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Clutha District Council senior analyst Mike Goldsmith presented an update to the council on its proposed new freedom camping bylaw during its October 14 regulatory and policy meeting.
The update included suggested changes and additions to the previous draft bylaw, following verbal presentations by public submitters on September 3.
Among submitters was New Zealand Motor Caravan Association (NZMCA) national property and policy manager James Imlach, who said a proposed blanket ban on urban freedom camping went "too far towards prohibition".
Speaking via Zoom from Auckland on behalf of the association and its 93,000 members, Mr Imlach said NZMCA had sought a judicial review over Queenstown Lakes District Council’s similar blanket policy, but did not wish to arrive at this pass with Clutha.
During its recent meeting, Clutha Mayor Bryan Cadogan said he took exception to the "insinuation" that NZMCA might take legal action unless Clutha reconsidered its proposals.
"It would be very disappointing if NZMCA were to threaten litigious action to distort the process we’ve worked through carefully.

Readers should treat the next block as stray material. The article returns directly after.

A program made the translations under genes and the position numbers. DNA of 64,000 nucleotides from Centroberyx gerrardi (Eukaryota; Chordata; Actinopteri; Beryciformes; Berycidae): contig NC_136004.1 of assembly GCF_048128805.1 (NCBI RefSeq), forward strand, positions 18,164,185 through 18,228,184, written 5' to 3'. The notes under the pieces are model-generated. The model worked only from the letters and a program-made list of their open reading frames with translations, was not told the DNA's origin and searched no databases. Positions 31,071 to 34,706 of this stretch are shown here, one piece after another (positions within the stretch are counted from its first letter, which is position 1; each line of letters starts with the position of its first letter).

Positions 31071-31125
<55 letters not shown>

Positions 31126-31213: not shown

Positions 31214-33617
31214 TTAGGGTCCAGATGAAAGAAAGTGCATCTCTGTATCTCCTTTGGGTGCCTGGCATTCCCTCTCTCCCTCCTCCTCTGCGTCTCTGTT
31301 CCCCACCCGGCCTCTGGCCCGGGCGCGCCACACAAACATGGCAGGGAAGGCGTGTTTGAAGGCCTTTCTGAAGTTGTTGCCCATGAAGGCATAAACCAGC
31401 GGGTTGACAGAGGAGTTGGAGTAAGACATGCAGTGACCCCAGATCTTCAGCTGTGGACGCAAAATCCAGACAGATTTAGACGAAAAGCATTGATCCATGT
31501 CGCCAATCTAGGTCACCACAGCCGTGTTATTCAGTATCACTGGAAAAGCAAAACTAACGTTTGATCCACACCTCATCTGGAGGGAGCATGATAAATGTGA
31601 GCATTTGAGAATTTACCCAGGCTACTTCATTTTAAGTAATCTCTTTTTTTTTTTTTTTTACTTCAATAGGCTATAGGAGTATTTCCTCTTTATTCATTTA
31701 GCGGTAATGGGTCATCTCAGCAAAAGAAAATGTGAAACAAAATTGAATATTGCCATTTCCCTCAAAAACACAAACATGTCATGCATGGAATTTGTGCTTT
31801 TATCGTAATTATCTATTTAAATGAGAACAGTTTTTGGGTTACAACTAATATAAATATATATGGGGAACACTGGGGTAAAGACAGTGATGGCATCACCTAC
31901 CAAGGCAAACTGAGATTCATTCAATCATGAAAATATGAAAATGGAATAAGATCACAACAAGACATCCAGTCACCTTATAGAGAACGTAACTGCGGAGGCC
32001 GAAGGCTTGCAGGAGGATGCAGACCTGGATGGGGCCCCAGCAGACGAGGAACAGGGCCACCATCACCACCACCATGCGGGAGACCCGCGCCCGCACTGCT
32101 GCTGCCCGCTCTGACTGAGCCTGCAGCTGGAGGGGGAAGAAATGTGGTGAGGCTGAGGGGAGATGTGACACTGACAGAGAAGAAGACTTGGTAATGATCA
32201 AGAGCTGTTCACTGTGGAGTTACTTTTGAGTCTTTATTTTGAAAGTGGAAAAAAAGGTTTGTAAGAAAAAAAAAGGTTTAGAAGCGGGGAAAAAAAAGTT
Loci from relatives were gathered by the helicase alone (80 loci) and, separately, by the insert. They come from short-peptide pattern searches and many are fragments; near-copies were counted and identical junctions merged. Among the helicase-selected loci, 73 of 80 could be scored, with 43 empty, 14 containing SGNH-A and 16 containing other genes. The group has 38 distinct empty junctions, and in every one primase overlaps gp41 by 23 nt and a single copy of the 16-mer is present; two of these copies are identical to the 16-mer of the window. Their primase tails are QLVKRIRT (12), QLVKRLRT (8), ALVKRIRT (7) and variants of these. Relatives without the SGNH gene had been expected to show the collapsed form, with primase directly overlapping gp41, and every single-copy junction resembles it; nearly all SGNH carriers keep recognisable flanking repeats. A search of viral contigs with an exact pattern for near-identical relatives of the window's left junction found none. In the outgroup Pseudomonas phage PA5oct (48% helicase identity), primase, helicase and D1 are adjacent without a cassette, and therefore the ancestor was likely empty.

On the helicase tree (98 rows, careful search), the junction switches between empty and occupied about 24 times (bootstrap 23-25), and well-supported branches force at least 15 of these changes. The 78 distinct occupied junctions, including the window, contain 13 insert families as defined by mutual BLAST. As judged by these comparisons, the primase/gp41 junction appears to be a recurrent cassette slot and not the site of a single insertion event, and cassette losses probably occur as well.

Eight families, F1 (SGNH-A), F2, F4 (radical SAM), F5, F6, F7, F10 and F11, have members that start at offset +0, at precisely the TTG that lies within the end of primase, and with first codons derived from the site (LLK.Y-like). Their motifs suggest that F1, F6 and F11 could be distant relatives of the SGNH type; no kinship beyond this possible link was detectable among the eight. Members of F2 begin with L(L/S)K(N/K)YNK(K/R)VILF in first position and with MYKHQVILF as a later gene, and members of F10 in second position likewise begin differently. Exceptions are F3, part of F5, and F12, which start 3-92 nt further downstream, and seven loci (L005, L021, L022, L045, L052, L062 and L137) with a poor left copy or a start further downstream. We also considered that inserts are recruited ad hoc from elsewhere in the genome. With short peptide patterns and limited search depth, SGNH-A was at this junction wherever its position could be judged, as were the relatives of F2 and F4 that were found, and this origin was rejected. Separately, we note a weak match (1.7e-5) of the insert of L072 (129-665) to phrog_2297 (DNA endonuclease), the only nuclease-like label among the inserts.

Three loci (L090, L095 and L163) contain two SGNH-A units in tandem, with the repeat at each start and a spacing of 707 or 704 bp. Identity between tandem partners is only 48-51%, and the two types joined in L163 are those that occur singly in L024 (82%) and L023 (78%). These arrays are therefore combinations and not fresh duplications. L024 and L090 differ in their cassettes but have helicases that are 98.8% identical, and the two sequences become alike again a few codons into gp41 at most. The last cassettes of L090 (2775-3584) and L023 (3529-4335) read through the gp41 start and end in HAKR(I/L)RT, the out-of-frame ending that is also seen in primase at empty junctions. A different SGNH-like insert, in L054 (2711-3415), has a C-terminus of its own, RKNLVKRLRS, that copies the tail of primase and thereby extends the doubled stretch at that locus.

"We’ve consulted, listened and learnt, and it’s time we had the gumption as a council to push on and bring this process to a resolution."
Speaking to the Otago Daily Times last week, Mr Imlach said he, too, was disappointed by the apparent inability to reach a compromise.
"I believe [Clutha] is failing to acknowledge the post-Covid landscape around camping in New Zealand, and is basing its concerns on a situation [problematic freedom camping volumes] that simply won’t exist for the foreseeable future.
"We are seeking a judicial review on Queenstown’s bylaw, but we’d prefer to conduct an amicable, constructive process with Clutha."
Mr Cadogan said the council had "carefully considered" the input of all submitters, including the NZMCA.
"It’s always been our desire to work in with interest groups, but any council would become cautious when litigation is threatened. It’s just unnecessary."
Other elements of the redrafted bylaw were welcomed by stakeholders.
Surat Bay Lodge owner Esther Johnson, whose Newhaven accommodation adjoins a car park popular with freedom campers, said the proposed inclusion of the whole township as a restricted urban area was "excellent news".
"There’s somebody here almost every night during summer.
"We pay our rates like everybody else. Why should they stay for free when there are multiple commercial operators here?"
The council will ratify the new bylaw at its meeting on December 10.